Thomas Lee Causby Case Study

710 Words3 Pages
Thomas Lee Causby has owned and took care of a chicken farm outside of Greensboro, North Carolina. His farm was about 2.8 acres of land all near an airport used for military and commercial flights. The farm was located near an airport used often by the military. Causby said the noise from the airport nearby disturbed his chickens so much that the chickens started dying off. He wanted the military to stop using his airspace to fly their planes. He claimed he owned all of the air above his land and that the planes flying above him should stop for the sake of his chickens. The problem became so harsh Thomas Lee Causby had to leave his business. Under an ancient doctrine, owning land extended to the space above and below the earth. Causby…show more content…
In a 5-2 choice by Justice William O. Douglas, the Court finally said that the ancient common law doctrine "has no place in the modern world."However, while the Court did reject the unlimited space on top of and below the earth they mentioned in the common law doctrine, it also mentioned that, "if the landowner is to have full enjoyment of the land, he must have exclusive control of the immediate reaches of the near atmosphere. Without mentioning a limited limit, the Court did state that any flights over his land could be taken as a violation of the Takings Clause if they caused "a direct and immediate interference with the enjoyment and use of the land." In the event of all the damage caused by the really low, frequent, and harming flights over his chicken farm, the Court determined that the government had violated Causby's rights, and he was entitled to…show more content…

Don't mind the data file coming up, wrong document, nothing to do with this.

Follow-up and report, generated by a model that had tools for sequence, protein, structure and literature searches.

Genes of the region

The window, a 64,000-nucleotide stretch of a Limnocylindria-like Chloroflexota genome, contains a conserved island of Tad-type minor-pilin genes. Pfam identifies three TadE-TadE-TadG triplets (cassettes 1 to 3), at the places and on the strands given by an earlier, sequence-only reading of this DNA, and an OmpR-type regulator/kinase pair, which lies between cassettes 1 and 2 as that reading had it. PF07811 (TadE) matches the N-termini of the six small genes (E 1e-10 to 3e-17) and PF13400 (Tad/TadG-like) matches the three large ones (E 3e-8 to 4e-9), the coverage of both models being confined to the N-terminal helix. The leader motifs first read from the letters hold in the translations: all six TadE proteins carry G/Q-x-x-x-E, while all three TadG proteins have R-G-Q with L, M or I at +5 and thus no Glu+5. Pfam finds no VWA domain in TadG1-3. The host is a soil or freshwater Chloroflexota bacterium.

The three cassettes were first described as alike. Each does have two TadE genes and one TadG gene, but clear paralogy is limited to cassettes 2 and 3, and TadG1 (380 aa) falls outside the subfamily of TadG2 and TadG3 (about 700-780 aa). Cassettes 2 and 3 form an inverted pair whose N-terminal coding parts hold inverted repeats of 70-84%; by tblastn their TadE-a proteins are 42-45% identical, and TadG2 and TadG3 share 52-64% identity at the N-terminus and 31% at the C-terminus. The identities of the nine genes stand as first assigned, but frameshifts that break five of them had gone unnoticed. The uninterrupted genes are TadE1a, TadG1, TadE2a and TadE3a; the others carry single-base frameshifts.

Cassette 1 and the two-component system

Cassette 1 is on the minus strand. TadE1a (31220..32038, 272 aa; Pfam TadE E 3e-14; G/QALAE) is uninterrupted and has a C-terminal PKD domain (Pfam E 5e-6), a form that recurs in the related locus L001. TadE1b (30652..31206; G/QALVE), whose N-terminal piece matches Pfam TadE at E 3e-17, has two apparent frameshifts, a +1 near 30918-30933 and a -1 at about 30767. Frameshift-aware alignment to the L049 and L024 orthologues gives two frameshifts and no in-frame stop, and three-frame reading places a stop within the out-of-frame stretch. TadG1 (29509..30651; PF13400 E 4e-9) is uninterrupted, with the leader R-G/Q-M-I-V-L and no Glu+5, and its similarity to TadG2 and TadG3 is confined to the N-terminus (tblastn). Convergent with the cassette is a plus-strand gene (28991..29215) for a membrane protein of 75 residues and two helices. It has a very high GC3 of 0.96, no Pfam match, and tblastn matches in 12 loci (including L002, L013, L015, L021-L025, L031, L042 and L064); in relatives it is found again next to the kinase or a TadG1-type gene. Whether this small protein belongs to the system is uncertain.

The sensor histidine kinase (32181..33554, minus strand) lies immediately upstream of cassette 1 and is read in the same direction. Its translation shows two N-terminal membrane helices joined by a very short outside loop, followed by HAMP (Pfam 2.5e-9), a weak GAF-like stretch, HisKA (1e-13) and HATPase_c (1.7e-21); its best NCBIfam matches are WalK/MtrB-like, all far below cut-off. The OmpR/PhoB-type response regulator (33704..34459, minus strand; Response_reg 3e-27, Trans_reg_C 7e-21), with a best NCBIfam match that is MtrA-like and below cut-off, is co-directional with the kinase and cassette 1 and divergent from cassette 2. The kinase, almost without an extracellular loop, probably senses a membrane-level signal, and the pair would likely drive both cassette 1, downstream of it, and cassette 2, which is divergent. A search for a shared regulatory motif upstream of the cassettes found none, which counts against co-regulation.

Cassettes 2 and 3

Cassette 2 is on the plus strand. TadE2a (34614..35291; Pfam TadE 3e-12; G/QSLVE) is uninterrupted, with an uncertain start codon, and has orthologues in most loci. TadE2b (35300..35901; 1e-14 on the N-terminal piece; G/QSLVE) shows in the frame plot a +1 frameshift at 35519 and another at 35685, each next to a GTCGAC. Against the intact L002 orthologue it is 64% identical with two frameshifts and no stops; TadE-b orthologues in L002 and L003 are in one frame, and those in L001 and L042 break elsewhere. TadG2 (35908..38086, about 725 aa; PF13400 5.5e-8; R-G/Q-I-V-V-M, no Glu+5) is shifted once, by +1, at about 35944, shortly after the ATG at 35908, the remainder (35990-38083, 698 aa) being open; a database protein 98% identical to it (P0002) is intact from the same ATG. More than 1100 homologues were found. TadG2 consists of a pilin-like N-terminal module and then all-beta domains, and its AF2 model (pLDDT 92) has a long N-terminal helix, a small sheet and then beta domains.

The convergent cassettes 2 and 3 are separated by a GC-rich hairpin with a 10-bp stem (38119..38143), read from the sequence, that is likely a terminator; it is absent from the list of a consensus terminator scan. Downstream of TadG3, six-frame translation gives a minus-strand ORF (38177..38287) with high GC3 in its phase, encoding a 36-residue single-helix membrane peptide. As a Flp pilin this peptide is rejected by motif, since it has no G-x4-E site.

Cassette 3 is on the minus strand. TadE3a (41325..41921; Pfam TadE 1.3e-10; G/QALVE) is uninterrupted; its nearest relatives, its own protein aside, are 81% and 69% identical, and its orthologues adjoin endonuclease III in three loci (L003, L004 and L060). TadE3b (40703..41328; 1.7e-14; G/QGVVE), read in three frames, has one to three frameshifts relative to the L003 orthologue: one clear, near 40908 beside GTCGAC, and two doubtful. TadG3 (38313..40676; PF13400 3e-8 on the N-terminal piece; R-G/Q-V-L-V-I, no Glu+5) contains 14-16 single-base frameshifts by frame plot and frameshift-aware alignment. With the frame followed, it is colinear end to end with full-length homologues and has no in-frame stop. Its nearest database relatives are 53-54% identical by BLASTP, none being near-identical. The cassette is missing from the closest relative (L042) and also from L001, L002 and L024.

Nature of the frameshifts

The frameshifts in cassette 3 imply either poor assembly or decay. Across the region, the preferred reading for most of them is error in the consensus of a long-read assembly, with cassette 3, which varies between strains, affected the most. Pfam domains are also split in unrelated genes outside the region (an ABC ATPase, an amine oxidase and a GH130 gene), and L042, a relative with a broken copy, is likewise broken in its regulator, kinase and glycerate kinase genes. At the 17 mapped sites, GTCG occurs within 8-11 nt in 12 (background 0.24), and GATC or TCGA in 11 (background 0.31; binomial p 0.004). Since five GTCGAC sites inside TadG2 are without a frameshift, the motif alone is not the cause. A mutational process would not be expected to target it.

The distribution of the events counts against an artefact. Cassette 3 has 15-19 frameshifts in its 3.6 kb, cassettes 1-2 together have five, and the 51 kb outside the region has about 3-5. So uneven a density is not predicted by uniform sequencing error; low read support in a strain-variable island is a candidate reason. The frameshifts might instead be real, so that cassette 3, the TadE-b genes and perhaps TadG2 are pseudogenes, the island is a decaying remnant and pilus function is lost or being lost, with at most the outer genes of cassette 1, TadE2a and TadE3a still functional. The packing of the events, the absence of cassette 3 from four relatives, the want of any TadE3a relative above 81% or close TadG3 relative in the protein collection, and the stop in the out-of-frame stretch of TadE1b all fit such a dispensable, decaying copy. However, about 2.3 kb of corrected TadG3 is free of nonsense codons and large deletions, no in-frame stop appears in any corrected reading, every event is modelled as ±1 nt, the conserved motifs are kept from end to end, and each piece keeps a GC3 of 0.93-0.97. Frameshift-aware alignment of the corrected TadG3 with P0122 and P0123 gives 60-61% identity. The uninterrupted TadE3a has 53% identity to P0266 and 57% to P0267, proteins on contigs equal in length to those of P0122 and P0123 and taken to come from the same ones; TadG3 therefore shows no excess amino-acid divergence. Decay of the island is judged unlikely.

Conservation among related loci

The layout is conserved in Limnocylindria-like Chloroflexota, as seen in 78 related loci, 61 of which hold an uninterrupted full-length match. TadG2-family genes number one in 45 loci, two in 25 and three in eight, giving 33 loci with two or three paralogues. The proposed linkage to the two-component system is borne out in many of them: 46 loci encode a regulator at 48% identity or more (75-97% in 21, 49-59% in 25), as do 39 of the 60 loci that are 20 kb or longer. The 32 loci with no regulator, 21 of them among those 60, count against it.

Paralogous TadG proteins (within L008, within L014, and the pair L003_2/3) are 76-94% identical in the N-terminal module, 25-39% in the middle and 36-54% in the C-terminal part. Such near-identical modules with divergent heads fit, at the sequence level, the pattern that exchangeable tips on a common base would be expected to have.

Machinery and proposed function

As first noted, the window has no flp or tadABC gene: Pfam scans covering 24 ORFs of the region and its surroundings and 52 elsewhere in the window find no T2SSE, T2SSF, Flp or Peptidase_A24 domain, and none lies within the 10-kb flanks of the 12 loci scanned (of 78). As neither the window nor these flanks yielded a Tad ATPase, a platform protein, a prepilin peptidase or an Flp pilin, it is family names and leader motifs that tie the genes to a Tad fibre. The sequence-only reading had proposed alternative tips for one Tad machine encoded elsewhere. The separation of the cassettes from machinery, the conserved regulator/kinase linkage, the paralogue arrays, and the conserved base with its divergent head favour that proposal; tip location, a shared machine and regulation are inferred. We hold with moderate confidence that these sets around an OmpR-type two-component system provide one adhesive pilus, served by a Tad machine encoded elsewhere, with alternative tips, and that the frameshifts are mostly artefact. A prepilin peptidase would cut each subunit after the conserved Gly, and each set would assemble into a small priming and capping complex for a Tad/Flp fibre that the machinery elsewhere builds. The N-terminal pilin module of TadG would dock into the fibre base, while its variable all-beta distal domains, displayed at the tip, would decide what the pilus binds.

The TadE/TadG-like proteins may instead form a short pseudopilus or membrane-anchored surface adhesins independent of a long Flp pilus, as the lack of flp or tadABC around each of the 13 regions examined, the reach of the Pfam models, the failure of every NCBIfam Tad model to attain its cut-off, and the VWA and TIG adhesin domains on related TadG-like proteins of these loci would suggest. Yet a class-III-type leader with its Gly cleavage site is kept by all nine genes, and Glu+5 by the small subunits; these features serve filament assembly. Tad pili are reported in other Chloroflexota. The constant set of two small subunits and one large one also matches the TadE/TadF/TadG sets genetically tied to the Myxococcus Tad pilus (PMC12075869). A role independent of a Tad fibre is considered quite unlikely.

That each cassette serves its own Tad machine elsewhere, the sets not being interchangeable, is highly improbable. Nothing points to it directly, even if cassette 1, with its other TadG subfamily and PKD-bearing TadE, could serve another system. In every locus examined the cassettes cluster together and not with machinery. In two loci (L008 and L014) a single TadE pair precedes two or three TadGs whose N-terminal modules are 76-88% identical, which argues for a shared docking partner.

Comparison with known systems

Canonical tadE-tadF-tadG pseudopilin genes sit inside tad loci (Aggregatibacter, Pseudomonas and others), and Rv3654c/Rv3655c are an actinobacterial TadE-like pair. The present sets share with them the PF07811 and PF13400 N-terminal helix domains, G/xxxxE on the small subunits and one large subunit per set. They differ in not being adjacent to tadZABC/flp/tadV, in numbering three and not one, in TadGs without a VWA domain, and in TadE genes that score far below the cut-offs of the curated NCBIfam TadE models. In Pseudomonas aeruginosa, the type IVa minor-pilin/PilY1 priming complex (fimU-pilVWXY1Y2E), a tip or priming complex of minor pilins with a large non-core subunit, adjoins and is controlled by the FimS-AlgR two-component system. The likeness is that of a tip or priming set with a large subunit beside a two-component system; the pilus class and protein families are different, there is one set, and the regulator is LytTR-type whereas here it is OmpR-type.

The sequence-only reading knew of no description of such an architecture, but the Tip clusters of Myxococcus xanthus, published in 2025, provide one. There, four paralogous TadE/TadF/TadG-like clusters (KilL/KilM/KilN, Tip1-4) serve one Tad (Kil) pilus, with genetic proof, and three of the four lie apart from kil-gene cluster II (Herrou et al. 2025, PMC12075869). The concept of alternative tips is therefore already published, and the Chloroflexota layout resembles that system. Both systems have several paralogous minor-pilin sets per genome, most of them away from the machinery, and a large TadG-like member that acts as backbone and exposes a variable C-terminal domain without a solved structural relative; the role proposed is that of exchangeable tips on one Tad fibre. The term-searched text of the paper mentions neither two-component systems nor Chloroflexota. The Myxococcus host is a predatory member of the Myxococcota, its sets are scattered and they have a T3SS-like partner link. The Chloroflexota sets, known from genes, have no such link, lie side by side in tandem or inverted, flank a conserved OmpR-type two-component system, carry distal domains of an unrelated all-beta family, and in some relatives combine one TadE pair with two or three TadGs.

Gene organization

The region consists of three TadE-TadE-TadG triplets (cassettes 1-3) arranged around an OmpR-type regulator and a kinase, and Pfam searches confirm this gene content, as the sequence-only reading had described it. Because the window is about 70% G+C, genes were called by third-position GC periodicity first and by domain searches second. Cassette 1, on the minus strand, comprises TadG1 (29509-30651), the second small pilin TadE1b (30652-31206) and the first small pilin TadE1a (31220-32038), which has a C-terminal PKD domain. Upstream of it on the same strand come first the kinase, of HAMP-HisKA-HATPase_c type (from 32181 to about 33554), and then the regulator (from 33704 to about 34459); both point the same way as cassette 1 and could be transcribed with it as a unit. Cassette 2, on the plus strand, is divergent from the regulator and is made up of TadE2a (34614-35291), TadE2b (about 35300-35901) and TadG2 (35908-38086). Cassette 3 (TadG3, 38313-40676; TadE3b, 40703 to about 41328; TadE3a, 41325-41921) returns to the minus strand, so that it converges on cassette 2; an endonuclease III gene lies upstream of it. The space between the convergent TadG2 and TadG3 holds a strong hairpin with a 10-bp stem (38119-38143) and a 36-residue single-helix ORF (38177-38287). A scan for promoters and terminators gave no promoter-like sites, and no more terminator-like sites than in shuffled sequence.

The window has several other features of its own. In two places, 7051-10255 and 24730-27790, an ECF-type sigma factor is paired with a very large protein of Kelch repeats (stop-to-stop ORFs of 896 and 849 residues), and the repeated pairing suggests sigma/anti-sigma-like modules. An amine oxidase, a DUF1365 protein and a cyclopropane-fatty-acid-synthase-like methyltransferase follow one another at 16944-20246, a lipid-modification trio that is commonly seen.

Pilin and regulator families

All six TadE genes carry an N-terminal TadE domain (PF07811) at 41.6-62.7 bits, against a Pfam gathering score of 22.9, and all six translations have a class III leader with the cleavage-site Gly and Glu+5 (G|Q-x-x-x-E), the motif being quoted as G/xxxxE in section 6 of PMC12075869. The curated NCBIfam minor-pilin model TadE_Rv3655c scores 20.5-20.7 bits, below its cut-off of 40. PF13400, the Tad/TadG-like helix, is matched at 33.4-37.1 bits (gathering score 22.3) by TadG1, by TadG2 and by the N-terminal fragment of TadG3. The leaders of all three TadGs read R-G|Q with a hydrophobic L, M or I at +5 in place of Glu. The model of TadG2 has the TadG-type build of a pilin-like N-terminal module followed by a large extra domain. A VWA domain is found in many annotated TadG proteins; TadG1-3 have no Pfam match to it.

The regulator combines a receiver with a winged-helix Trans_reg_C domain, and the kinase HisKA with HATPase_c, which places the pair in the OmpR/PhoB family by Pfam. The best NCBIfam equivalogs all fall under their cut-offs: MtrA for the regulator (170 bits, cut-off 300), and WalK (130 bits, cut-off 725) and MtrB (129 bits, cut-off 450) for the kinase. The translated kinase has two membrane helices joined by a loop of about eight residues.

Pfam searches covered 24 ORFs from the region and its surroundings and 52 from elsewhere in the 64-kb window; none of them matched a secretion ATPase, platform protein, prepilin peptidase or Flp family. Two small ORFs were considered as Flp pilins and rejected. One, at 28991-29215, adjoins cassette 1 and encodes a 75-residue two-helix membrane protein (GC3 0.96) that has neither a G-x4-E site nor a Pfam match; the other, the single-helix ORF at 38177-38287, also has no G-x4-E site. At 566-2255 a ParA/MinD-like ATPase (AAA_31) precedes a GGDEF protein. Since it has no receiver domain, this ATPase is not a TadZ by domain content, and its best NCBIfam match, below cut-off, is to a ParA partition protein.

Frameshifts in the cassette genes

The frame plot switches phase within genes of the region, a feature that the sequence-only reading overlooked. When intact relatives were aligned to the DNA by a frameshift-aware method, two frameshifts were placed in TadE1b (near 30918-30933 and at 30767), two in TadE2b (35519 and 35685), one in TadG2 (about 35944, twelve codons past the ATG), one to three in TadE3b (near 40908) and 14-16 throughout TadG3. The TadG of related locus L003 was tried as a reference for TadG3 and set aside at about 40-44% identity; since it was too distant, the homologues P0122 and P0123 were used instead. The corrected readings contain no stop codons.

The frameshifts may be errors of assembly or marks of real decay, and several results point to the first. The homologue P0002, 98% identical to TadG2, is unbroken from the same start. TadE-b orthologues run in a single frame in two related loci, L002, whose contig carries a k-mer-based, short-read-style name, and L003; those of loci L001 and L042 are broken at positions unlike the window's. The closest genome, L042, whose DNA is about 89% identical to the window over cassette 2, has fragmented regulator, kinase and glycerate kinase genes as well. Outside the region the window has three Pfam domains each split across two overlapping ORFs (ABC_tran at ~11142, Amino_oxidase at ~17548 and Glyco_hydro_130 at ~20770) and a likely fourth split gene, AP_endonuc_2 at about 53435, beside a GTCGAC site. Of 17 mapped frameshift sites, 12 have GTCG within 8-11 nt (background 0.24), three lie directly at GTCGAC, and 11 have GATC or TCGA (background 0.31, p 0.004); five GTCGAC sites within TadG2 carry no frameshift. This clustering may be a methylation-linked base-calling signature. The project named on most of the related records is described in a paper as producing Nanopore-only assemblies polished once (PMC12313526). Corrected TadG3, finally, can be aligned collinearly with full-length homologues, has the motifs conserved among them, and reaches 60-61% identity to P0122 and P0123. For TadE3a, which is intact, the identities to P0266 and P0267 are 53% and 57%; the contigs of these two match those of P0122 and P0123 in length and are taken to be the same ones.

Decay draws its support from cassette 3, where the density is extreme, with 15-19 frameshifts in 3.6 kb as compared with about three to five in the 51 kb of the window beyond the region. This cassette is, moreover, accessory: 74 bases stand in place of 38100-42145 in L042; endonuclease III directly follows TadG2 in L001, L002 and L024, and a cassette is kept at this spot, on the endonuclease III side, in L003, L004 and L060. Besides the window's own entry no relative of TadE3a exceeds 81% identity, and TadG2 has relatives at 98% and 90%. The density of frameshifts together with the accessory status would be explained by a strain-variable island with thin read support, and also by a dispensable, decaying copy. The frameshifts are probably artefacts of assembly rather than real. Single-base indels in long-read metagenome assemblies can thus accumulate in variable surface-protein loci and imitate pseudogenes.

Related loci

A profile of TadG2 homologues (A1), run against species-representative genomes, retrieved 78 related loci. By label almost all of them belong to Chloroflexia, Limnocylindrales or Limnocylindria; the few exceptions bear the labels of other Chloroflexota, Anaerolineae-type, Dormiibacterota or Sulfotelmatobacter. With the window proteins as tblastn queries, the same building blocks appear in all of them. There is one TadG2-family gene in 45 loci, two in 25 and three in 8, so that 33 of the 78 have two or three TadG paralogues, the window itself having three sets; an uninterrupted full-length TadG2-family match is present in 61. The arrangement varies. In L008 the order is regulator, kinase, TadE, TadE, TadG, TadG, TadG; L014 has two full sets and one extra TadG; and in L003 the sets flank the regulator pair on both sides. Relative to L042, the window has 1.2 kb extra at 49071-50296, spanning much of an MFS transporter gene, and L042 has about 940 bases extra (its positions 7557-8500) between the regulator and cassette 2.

And at night the glare from the planes brightly lights up his farm. As a result of the noise and light of these planes, Thomas Lee Causby was forced to give up their chicken business. As many as six to ten of their chickens were killed in one day by flying into the walls from fright. The total chickens lost in all this destruction caused by the planes was about 150. Production of his business also completely fell through.. The result was the destruction of the use of the property as a commercial chicken farm. Respondents are frequently deprived of their sleep and the family has become nervous and frightened. Although there have been no airplane accidents on respondents' property, there have been several accidents near the airport and close to respondents' place. This case was argued May 1, 1946 and decided on May 27, 1946. The Court of Claims granted respondents a judgment for the value of property destroyed and damage to their property resulting from the taking of an easement over their property by low-flying military aircraft of the United States, but failed to include in its findings of fact a specific description of the nature or duration of the
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